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  • noun

Words related to bracero

a Mexican laborer who worked in the United States on farms and railroads in order to ease labor shortages during World War II

References in periodicals archive ?
Like the post-World War II Bracero Program, the Bush proposal calls for matching workers with employers and making workers' ability to remain in the country contingent upon having a job.
The bracero program had particular importance for the government of Texas after 1943, when the Mexican government decided to exclude Texas from receiving agricultural workers under the program due to reports of rampant racial discrimination.
After 1964, when the Bracero Program was discontinued, tens of thousands of agricultural jobs were still available to Mexicans, but they were no longer able to secure legal entry visas.
Growers warned that California's canned tomato industry would die and food prices would rise if the Bracero program ended.
Craig, The Bracero Program, Interest Groups and Foreign Policy (Austin, University of Texas Press, 1971); and Grossman, The Department of Labor, p.
government established the Bracero program to replenish diminished labor supplies during World War II and to provide U.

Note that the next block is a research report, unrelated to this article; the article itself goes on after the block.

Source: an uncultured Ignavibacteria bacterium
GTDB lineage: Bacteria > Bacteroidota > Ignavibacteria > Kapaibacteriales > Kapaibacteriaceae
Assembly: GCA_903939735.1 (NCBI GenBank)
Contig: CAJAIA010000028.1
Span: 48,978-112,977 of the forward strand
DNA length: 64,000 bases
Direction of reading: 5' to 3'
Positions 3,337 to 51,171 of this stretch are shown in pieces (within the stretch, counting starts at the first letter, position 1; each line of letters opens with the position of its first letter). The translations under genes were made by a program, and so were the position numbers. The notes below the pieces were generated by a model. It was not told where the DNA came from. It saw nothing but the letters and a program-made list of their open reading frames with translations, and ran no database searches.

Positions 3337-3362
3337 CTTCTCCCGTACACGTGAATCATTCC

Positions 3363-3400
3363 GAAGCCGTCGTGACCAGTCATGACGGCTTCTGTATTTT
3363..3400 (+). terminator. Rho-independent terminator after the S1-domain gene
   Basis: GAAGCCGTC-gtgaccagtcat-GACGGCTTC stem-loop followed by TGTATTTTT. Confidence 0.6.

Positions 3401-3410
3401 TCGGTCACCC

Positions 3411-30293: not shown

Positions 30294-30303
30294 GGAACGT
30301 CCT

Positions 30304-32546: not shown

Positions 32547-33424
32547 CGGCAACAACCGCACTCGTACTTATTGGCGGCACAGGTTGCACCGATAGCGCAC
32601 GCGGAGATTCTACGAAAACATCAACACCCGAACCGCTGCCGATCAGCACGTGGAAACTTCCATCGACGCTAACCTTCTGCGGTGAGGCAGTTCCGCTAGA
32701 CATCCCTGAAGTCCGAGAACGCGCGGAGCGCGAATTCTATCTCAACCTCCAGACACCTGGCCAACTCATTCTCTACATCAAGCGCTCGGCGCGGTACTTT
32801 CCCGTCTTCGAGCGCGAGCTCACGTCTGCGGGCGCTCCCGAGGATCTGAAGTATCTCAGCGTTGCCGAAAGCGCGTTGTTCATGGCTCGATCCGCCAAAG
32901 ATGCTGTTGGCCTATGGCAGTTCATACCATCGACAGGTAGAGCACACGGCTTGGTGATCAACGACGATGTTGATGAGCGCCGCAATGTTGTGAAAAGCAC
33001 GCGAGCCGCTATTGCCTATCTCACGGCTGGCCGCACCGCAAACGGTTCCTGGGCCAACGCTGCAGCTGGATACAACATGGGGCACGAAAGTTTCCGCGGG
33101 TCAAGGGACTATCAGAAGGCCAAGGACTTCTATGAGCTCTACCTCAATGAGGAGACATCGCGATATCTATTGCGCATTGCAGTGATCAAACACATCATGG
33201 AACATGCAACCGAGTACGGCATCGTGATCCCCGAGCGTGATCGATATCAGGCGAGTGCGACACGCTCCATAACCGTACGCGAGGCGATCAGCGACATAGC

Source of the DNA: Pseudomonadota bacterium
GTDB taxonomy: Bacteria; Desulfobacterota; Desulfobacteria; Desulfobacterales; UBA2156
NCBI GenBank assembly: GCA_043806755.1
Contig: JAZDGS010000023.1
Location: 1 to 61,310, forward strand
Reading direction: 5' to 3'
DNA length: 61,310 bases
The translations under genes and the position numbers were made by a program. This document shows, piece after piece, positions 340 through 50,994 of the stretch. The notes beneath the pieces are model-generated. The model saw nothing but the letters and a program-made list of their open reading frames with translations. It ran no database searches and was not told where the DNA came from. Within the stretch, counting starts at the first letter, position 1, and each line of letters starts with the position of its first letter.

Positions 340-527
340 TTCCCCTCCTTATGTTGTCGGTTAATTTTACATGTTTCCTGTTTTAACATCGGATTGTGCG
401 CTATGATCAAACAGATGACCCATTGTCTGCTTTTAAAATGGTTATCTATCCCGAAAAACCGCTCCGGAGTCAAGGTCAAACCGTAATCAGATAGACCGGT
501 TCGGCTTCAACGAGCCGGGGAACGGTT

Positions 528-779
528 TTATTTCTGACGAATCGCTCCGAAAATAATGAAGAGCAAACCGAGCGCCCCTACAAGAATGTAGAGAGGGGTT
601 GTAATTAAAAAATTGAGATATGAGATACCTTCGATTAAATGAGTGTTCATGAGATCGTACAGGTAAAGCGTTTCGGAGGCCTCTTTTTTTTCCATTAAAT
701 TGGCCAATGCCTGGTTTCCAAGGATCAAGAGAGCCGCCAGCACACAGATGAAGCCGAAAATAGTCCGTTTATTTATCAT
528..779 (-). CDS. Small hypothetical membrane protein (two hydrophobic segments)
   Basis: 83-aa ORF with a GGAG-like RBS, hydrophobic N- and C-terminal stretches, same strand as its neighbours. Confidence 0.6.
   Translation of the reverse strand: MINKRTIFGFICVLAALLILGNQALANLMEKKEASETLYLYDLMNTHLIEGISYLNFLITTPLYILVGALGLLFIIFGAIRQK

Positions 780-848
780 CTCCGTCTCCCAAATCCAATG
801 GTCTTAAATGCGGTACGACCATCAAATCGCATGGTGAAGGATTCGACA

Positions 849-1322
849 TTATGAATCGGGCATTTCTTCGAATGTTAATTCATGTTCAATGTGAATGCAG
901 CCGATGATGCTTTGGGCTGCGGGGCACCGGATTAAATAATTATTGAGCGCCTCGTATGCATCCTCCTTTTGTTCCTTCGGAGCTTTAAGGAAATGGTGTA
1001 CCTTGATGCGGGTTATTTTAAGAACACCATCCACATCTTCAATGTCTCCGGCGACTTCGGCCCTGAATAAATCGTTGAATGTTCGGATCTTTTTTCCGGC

Today, those braceros are waging a war of their own -- a legal battle to collect possibly as much as $1 billion that was withheld from an estimated 5 million Mexicans who worked in the bracero program from 1942 until it was disbanded in 1964.
In the 1960s, when the Bracero program was ended, tomato growers in California predicted a catastrophe and $5-per-pound prices.
She addresses not only their extraordinary burdens, but a full wallet of other imposing challenges and disappointments, including the fruitlessness of union activity in the canneries, the exploitation of Mexican-Americans farm workers in the bracero program, and the decline of blue-collar employment in high-technology industry.
If Latin workers are needed, we can establish a bracero program, register these workers, protect them under U.
In 1964, a twenty year bracero program (Mexican Labour Program) with the United States ended.
A little-known chapter of American and Mexican history, the Bracero program was originally created to fill labor shortages during World War II.
In addition to those protesting the illegal-immigration issue, a number of people who said they were part of the bracero program marched to demand payments promised from the Mexican government.
In analyzing the bracero program of 1917-1921 and current proposals for guest worker programs, three major themes emerge, the subordinate economic position of Mexico vis-a-vis the US in negotiating immigration agreements, the impact of economic expansion of the United States into Mexico as a prime driver of Mexican migration, and the neocolonial status of Mexico as a distinguishing factor in Mexican immigrant experiences within the United States.
1961 The Bracero Program in California: With Particular Reference to Health Status, Attitudes, and Practices.